It is true that the indigenous traditions of the Indian subcontinent were a diverse mix, and many communities (now termed “tribes”) were outside of the caste system and Hindu society. But by the time that Islam arrived in the subcontinent the influence of Brahmins had certainly spread a particular elite culture patronized by most rulers, with those who were skeptical often being devotees of religious groups more distinct from Hinduism (whether it be Buddhists or Jains). It is correct to point out that most people in the Indian subcontinent did not subscribe to Brahmin religious thought, but most of the population of Europe in 1000 AD practiced a very inchoate Christianity, and yet we do not hesitate to term this a Christian civilization, seeing as how much of the continent was bound together by a priestly elite which obtained sponsorship from kings and nobles.

To be frank, some of the anti-Hindutva scholars seem to be engaging in semantic games to win arguments with their ideological enemies. It is clear that Indian national identity in a political sense is recent, and is not analogous to that of China, which is ancient. But should one then say that a “European” identity did not exist in 1000 AD because most European polities were bound together by personal rule and the Christian religion, rather than geography and nationality as we understand it? It is clear that the outlines of what became Europe emerged in the wake of the Roman collapse, and the rise of Islam. Just because courtiers in the court of Charlemagne did not term themselves “Europeans” does not mean that the general outlines of Europeanness did not predate the ideological formulation in the early modern period, as Christians became Europeans.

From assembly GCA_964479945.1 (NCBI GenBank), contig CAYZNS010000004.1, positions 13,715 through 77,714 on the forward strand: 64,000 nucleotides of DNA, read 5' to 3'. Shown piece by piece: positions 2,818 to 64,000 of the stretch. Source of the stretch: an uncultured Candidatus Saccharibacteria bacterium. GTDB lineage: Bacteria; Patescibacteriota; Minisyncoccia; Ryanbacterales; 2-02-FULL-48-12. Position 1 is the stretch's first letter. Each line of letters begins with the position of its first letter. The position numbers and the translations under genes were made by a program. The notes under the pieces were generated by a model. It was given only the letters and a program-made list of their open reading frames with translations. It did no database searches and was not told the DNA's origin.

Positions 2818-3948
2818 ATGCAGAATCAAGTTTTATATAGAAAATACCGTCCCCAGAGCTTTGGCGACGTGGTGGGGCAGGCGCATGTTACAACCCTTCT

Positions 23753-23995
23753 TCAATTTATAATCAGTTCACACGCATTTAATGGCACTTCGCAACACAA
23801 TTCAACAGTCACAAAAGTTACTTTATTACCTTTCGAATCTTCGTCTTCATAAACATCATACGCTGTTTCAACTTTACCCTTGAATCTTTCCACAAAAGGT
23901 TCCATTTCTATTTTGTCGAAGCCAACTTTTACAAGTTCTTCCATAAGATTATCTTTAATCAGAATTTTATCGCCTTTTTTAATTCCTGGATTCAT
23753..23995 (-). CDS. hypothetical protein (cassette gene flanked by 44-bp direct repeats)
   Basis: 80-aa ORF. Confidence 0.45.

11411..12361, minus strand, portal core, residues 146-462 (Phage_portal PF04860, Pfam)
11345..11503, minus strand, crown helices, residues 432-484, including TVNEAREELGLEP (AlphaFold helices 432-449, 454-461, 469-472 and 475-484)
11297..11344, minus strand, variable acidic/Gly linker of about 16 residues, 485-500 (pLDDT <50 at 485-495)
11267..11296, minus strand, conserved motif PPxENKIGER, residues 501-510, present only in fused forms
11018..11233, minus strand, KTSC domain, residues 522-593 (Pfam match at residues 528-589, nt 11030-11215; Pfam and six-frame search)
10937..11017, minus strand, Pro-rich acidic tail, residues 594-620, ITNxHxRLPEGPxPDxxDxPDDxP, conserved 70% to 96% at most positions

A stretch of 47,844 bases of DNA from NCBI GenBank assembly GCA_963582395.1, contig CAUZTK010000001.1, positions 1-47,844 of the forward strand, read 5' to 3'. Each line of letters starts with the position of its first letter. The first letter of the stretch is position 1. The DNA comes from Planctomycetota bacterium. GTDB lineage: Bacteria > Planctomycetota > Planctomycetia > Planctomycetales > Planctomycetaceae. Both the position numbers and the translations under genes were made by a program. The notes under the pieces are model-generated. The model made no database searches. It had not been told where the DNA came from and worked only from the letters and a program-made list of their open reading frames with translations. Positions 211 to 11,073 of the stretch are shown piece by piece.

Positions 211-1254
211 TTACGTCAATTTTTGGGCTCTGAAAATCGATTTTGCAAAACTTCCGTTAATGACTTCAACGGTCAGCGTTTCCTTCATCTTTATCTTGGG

A bigger framework is that we can see patterns across societies in time and space, and draw analogies and inferences. Human social and political institutions are commensurable. The development of Europe in the wake of the fall of Rome and the shock of the barbarian invasions is neatly analogous to the emergence of native Indian religious traditions in the wake of the shock of the arrival of Muslim Turks. There are differences, but Europe and Europe’s experience is not sui generis. One could state that France “did not exist” until the French Revolution, and the 19th century drives toward assimilation of local dialects and the emergence to prominence of “standard French.” But it is clear that something “French” clearly motivated the elites, Protestant and Catholic, who battled in the 16th and 17th centuries, at the intersection of religion and nationality. Even though most peasants had a rural and local identity, the stage was set for the national passions which inflamed the Revolutionary regime of the 1790s.

Similarly, the Indian republic has had its issues, but it is not a coincidence that it has managed to maintain continuity and integrity through all its ups and downs. Indian identity is clearly somewhat an artificiality because a unified Indian state was imposed relatively late in history, and only for a short period by a Mughal elite which was not in cultural solidarity with the diversity of its subjects. But across the cultural diversity, there is a level of affinity which has historical roots. An analogy here can be made to Indonesia, a diverse archipelago which was never a unitary state, but whose cultural cohesiveness is a product of history rather than politics. The regions of India and Indonesia, Kashmir and the northeast for India, and the eastern islands for Indonesia, are those regions with less cultural affinity and oftentimes no shared history with the central elite.

My understanding of these sorts of issues are informed by two things:

  • Specific attention to details of history, which is hard to obtain without just reading
  • A general understanding of human social development informed by evolutionary anthropology